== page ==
If you miss her show at the Mezzanine Gallery you can catch this body of work in December where she will be showing with Renee Benson at the Delaware Center for the Contemporary Arts in the Elisabeth Denison Hatch Gallery. If you're interested in seeing more of her work here's a link to her website.

Sunday, October 31, 2010

In the Studio

I've been working on new wool and silk nuno felted bracelets. Here's the process step by step.

Hand dyed silk ironed to heat set and placed on top of bubble wrap.


Pulling tufts of wool and placing it in designs on the silk


I place wool close to the edges if I want the edges finished or place the wool in from the edges if I want ruffled edges.


I use a hand soap that smells like vanilla, mixed with room temperature water. Not hot because then the wool felts to it's self before it has a chance to work it's way through the silk.


After they bracelets are soaked lay bubble wrap over the top and roll it up over a swim noodle, rolling pin or rolled up bubble wrap.


Roll it up in a towel to soak up the water and roll it back and forth for about 5 minutes


At this stage I unroll it and trim off wool that is coming over the edges


If you don't want to trim just push it back onto the silk


Roll it back up and roll it back and forth some more then unroll it and check to see if when tugged on it feel attached. You can also check the back to see if the wool fibers have worked there way through the silk.
If not you can run your fingers back and forth over the back with it face down on the bubble wrap.


Okay now that the wool is laminated to the silk you rinse it in warm water and then throw it down hard on the table or in the sink 200 times at least. I break it up by rinsing it with warm or hot water a few times thinking this probably aids in the wool's shrinking process.


When the silk starts to ripple and get wrinkly then throw it on the table some more. You heard me, it always shrinks a little bit more with the last 50 times it's thrown down hard. This is called fulling.


Here are my bracelets after a final rinse, let them dry then they can be trimmed and snaps or other closures sewn on for finishing them.

New photographs of finished bracelets.
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bracelets black and white.jpg

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bracelet gold.jpg

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I listed the black and white one in my etsy shop last night and plan to list more soon and send the images to a gallery in Philadelphia.

Monday, September 20, 2010

Nature Photograpy

Yesterday I brought my camera along on my walk through the woods. I rock hopped down the middle of Naaman's creek stopping here and there to take pictures of the water.

I didn't bring a tripod so I steadied the camera against my face or knee as best as I could.

I love how you can see bits of blue sky reflected in the water.









Since art imitates nature, this is what I worked on when I got home.


This is painted fabric that I then spray painted with rocks as resists.


The top half of this shot is a painting on plexiglass, I'm holding it up so the light from the window is coming through. This is something I'd love to work on scaling up for the gallery.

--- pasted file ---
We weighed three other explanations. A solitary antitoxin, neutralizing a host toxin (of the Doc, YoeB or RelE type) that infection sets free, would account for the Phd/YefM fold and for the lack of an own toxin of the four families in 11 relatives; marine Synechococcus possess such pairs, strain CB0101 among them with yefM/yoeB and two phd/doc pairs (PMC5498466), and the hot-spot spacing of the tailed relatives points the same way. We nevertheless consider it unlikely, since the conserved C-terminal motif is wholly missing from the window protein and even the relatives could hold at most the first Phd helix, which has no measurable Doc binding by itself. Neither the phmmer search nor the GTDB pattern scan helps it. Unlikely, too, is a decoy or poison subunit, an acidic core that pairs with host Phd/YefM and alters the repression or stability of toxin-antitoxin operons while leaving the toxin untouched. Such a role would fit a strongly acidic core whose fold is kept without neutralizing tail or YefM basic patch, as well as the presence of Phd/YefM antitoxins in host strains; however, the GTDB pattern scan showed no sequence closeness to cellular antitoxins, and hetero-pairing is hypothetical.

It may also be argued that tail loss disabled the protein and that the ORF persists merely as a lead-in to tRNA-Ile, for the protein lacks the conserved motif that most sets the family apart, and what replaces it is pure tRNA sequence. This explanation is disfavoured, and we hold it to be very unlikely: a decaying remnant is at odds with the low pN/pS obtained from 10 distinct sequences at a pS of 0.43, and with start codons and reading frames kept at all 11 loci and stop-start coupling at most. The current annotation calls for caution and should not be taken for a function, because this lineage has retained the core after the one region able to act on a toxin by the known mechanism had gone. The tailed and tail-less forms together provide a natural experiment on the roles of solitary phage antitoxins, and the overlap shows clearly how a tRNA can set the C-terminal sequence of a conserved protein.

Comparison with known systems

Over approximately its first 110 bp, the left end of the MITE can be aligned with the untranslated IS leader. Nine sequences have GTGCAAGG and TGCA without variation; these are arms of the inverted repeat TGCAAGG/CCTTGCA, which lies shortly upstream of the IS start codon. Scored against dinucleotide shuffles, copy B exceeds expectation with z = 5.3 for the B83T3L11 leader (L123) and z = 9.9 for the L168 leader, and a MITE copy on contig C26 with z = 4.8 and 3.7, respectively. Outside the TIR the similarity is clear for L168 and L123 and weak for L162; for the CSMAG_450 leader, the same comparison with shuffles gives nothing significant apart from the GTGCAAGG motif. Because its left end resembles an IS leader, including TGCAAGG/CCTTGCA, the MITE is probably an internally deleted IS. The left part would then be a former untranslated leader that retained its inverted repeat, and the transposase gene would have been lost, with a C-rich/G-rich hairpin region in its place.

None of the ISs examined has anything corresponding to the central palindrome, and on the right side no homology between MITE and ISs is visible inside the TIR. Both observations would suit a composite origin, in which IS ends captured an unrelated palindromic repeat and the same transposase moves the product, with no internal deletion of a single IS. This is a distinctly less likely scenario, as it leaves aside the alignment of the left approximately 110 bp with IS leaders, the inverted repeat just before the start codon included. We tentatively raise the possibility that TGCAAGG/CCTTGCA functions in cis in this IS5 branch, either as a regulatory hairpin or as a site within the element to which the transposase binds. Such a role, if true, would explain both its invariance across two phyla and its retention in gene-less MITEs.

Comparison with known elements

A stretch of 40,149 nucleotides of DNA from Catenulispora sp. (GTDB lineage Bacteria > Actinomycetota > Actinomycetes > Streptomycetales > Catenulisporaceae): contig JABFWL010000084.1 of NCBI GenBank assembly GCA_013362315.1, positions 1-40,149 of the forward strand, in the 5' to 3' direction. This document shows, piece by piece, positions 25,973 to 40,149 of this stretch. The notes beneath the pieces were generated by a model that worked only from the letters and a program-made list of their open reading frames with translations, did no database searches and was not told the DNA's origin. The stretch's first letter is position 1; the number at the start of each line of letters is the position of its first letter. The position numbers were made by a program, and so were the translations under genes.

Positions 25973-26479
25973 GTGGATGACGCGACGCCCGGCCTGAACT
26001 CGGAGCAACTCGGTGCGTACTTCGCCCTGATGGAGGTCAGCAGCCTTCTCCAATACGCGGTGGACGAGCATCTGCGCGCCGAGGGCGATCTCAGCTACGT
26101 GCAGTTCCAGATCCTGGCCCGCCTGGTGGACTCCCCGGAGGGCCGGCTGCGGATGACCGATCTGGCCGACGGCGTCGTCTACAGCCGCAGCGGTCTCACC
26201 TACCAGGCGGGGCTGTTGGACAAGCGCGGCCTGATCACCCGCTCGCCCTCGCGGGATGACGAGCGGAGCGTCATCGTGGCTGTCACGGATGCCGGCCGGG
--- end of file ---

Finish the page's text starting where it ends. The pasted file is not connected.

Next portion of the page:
Another piece of fabric I worked on. And now I have some really cool spray painted rocks.

Sunday, September 12, 2010

My Kids Are Artists Too

People often ask me if my kids aged 12 and 15 are artists too. My answer is “hell yeah!”. I’m really proud of their work but sometimes I wish they weren’t so busy all the time and would learn to clean up a little once in a while. They wrote, directed, acted, filmed and edited their own movie this summer. I love how my kids can make their own entertainment out of the dress up bin. I hope they never outgrow this. Will the finished piece be a masterpiece? I think probably not, but what a great experience. I bite my tongue when I see the incredible messes that are left in the wake of their creative flurry.

Here are a few pictures of what they’ve been up to this summer.

Delaney's abstract paintings


Delaney's art portfolio from summer camp


Savannah's watercolors from summer camp


This was actually Delaney's lunch one day, that's Larry Cat checking it out


Delaney helped me make wrapping paper with some left over paint and newsprint


Delaney has to wear collared shirts to school and she's not going to wear boring solids every day so she splatter painted her shirt


Here's a shirt I made for her with fabric she chose


Fabric she painted to make a pillow for her room


I painted the wall purple in her bedroom to surprise her for her birthday and together with a friend we painted the spiral. Here she's gluing pompoms to her lamp shades.

Delaney also made cute animals out of plastic eggs, paper flowers from a tracing of her hand and cool jewelry out of buttons. Today they were off to their friend's house dressed as cats.

When I was a kid, the neighborhood kids were always at my house where my sister’s and I were allowed to make costumes out of old clothes and odds and ends and we wrote scripts and put on plays all the time. Our Christmas gifts were always craft kits like a pottery wheel or glass cutting kit. My mother sewed and my father had a wood shop in the basement. I was always making things, and still am. My craft room is a mess! I cleaned my studio this week though and can't wait to get in there and start making messes!